THE  SUPREME COURT OF THE
FEDERATED STATES OF MICRONESIA
TRIAL DIVISION
Cite as Pohnpei v. M/V Miyo Maru No. 11,
8 FSM Intrm. 281 (Pon. 1998)

[8 FSM Intrm. 281]

STATE OF POHNPEI and
POHNPEI ENVIRONMENTAL PROTECTION AGENCY,
Plaintiffs,

vs.

M/V MIYO MARU NO. 11, CAPTAIN HISAMITSU
FURUTA, MASAYO FURUTA and NATIONAL
FISHERIES ASSOCIATION OF JAPAN,
Defendants,

vs.

SAPWUAFIK MUNICIPAL GOVERNMENT,
Third-Party Defendant.
 
CIVIL ACTION NO. 1994-136
ORDER

Andon L. Amaraich
Chief Justice

Argued:  December 2, 1997
Decided:  April 8, 1998

APPEARANCES:
For the Plaintiff:                              James P. Woodruff, Esq.
                            Assistant Attorney General
                            Pohnpei Department of Justice
                            P.O. Box 1555
                            Kolonia, Pohnpei FM 96941
 
F or the Defendants:                       Stephen V. Finnen, Esq.
(except Nat'l Fisheries Ass'n)       Law Offices of Saimon & Associates
                             P.O. Box 1450
                             Kolonia, Pohnpei FM 96941

For the Third-Party Defendant:     Ron Moroni, Esq.
                             P.O. Box 1618
                             Kolonia, Pohnpei FM 96941

[8 FSM Intrm. 282]
*    *    *    *

HEADNOTES
Civil Procedure ) Discovery
     Upon motion by a party or by the person against whom discovery is sought, and for good cause shown, a court may issue an order which justice requires to protect a party or person from annoyance, embarrassment, oppression, or undue burden or expense, including that certain matters not be inquired into, or that the scope of discovery be limited to certain matters.  Pohnpei v. M/V Miyo Maru No. 11, 8 FSM Intrm. 281, 287 (Pon. 1998).

Civil Procedure ) Discovery
     Under FSM Civil Rule 26, parties are entitled to discovery regarding any matter, not privileged, which is relevant and reasonably calculated to lead to the discovery of admissible evidence. Pohnpei v. M/V Miyo Maru No. 11, 8 FSM Intrm. 281, 287 (Pon. 1998).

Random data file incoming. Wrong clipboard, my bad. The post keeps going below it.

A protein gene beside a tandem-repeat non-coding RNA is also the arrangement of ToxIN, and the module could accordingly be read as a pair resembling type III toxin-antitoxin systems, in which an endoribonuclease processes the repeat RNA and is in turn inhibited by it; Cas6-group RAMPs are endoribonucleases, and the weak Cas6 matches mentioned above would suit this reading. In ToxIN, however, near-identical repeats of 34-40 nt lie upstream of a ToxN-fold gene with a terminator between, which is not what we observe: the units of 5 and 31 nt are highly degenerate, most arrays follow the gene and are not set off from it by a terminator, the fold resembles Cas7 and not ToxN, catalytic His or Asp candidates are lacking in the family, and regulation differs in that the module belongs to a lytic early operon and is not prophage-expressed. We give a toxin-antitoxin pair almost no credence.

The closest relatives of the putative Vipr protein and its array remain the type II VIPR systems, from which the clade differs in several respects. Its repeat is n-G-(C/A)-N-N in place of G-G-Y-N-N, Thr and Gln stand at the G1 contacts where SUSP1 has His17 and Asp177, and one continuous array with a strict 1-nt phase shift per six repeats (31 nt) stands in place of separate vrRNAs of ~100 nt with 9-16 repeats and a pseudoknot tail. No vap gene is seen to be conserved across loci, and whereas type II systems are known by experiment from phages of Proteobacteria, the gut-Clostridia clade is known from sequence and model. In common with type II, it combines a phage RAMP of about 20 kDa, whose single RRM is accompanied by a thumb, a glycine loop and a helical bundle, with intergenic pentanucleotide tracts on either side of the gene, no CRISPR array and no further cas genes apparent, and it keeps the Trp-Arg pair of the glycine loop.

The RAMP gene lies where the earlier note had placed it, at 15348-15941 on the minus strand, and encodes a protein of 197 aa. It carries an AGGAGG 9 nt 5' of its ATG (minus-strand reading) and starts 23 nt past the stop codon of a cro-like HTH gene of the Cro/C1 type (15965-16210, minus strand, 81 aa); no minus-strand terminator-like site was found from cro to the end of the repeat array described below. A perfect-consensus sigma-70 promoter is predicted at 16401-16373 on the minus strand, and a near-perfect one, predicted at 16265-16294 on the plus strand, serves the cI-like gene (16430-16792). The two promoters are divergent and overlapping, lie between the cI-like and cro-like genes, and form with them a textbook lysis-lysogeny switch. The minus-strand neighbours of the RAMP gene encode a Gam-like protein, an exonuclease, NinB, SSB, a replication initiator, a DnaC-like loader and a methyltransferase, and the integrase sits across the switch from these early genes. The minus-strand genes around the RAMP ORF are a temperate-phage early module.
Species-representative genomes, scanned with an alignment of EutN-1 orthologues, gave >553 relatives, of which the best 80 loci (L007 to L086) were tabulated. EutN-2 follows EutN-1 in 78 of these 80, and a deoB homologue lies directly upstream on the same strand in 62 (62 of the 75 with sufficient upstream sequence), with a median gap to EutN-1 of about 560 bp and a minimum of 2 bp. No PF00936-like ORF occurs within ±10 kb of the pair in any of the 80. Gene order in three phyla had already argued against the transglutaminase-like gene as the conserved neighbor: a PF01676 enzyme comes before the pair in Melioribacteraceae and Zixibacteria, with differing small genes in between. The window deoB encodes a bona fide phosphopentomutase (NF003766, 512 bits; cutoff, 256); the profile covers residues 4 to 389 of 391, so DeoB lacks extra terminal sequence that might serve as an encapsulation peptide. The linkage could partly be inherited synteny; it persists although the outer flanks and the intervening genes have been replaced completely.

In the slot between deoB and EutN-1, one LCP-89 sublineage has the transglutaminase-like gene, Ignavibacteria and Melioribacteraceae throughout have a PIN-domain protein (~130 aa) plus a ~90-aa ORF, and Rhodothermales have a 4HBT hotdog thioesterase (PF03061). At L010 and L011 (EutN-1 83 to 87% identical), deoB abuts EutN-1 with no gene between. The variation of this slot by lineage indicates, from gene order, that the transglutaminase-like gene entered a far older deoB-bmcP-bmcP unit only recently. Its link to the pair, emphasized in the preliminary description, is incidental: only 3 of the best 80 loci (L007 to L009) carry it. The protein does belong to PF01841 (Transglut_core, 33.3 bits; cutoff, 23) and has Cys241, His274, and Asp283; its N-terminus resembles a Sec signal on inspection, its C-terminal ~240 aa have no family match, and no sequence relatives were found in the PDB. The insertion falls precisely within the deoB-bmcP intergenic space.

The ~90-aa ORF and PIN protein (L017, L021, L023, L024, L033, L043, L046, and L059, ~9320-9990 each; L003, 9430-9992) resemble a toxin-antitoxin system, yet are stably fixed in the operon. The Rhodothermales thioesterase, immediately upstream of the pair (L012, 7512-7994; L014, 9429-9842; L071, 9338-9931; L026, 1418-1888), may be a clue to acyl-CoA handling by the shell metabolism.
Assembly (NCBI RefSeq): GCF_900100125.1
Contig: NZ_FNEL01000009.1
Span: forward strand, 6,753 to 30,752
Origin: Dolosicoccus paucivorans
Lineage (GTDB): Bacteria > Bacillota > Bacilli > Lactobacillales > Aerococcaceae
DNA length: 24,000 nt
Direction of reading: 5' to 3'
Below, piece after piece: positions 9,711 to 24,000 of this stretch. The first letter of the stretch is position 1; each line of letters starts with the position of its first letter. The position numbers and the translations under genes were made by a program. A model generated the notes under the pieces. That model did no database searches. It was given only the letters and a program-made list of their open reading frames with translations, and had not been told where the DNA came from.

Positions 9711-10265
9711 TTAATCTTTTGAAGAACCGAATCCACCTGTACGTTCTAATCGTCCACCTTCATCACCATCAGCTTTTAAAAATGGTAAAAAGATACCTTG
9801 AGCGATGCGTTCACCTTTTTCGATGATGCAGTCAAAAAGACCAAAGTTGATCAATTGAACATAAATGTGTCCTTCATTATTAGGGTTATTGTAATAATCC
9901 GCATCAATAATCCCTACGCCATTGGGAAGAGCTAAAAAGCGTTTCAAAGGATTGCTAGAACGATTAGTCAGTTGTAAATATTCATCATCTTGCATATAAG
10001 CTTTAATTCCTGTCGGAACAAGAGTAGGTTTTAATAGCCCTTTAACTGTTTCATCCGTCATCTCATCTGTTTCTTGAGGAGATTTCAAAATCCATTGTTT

Civil Procedure ) Discovery; Civil Procedure ) Interrogatories
     Any party may serve upon any other party written interrogatories to be answered by the party served.  There is no requirement that two parties be directly adverse in order for one to seek discovery against another.  Pohnpei v. M/V Miyo Maru No. 11, 8 FSM Intrm. 281, 287 (Pon. 1998).

Civil Procedure ) Discovery
     Generally, discovery should be permitted under Rule 26 when the information sought is relevant to the claim or defense of the party seeking discovery, or to the claim or defense of any other party.  Discovery should be allowed under the "relevancy" standard set forth in Rule 26 unless it is clear that the information sought can have no possible bearing upon the subject matter of the action.  Pohnpei v. M/V Miyo Maru No. 11, 8 FSM Intrm. 281, 287 (Pon. 1998).

Civil Procedure ) Discovery
     Relevant information is discoverable unless it is privileged.  FSM Civil Rule 26(b)(3) protects against disclosure of the mental impressions, conclusions, opinions, or legal theories of a party concerning the litigation.  Information prepared in anticipation of litigation is discoverable only upon a showing of "good cause."  Pohnpei v. M/V Miyo Maru No. 11, 8 FSM Intrm. 281, 287-88 (Pon. 1998).
 
Civil Procedure ) Interrogatories